In the politically sensitive sector of manufacturing, the trade deficit again proves to be a companion of better times. During years of rising deficits, manufacturing output grew an average of 4.5 percent a year. During years of shrinking deficits the average growth rate of manufacturing output was 1.4 percent — less than one‐​third the rate of growth during years of rising deficits. As to manufacturing jobs, those years in which the trade deficit grew saw factory employment increase by an average of 13,100 workers per year. Those years of shrinking deficits were accompanied by an average annual loss of manufacturing jobs of 116,700.

Focusing on motor vehicles and parts — long a symbol of American industrial might — domestic output grew by an average of 8.6 percent during years of rising deficits while employment grew by an average of 21,900. During years when the deficit shrank, domestic output of motor vehicles and parts fell by an average of 3.4 percent annually and employment fell an average of 25,000 per year.

Americans on the margins of poverty also appear to fare somewhat better when the trade deficit expands. In years when the deficit grew, the poverty rate in America fell an average of 0.1 percentage points a year. In years when it shrank, the poverty rate rose by an average of 0.3 points. In terms of real people, years of “improving” trade deficits saw the number of Americans living below the poverty line increase by an average of 907,000 people a year, compared to an 81,000 increase during years of “worsening” deficits.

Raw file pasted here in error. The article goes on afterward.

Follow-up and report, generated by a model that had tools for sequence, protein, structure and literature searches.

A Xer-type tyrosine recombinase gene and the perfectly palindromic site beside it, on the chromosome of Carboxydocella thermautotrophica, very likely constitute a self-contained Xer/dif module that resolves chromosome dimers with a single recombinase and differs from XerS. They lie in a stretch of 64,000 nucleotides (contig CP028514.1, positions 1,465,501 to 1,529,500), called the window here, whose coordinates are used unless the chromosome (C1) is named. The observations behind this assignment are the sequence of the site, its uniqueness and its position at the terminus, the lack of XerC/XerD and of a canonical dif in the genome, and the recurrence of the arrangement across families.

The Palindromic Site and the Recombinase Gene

The only major economic indicator out of sync was the stock market. On average, the New York Stock Exchange Composite Index rose 8.7 percent during years of rising deficits, lagging behind the 12.3 percent rise in years of shrinking deficits. Perhaps it should be Wall Street, not organized labor, that should be complaining most loudly about the trade deficit.


Of course, none of this evidence argues that the trade deficit is the cause of economic blessings. What it does indicate is that rising trade deficits are often caused by the same underlying factor, namely rising domestic investment, that drives a number of other economic indicators — employment, production, poverty rates — in a positive direction.

Without a trade deficit, Americans could not import the capital we need to finance our rising level of investment in plants and new equipment, including the latest computer technology. The same appreciating dollar that expands the trade deficit helps keep a lid on inflation while lower import prices raise the real wages of the vast majority of American workers.

When the underlying causes of the trade deficit are understood, it should become clear that the biggest threat to our economy is not the deficit itself, but what politicians might do in a misguided mission to shrink it.

About the Author
Daniel Griswold
Former Director, Herbert A. Stiefel Center for Trade Policy Studies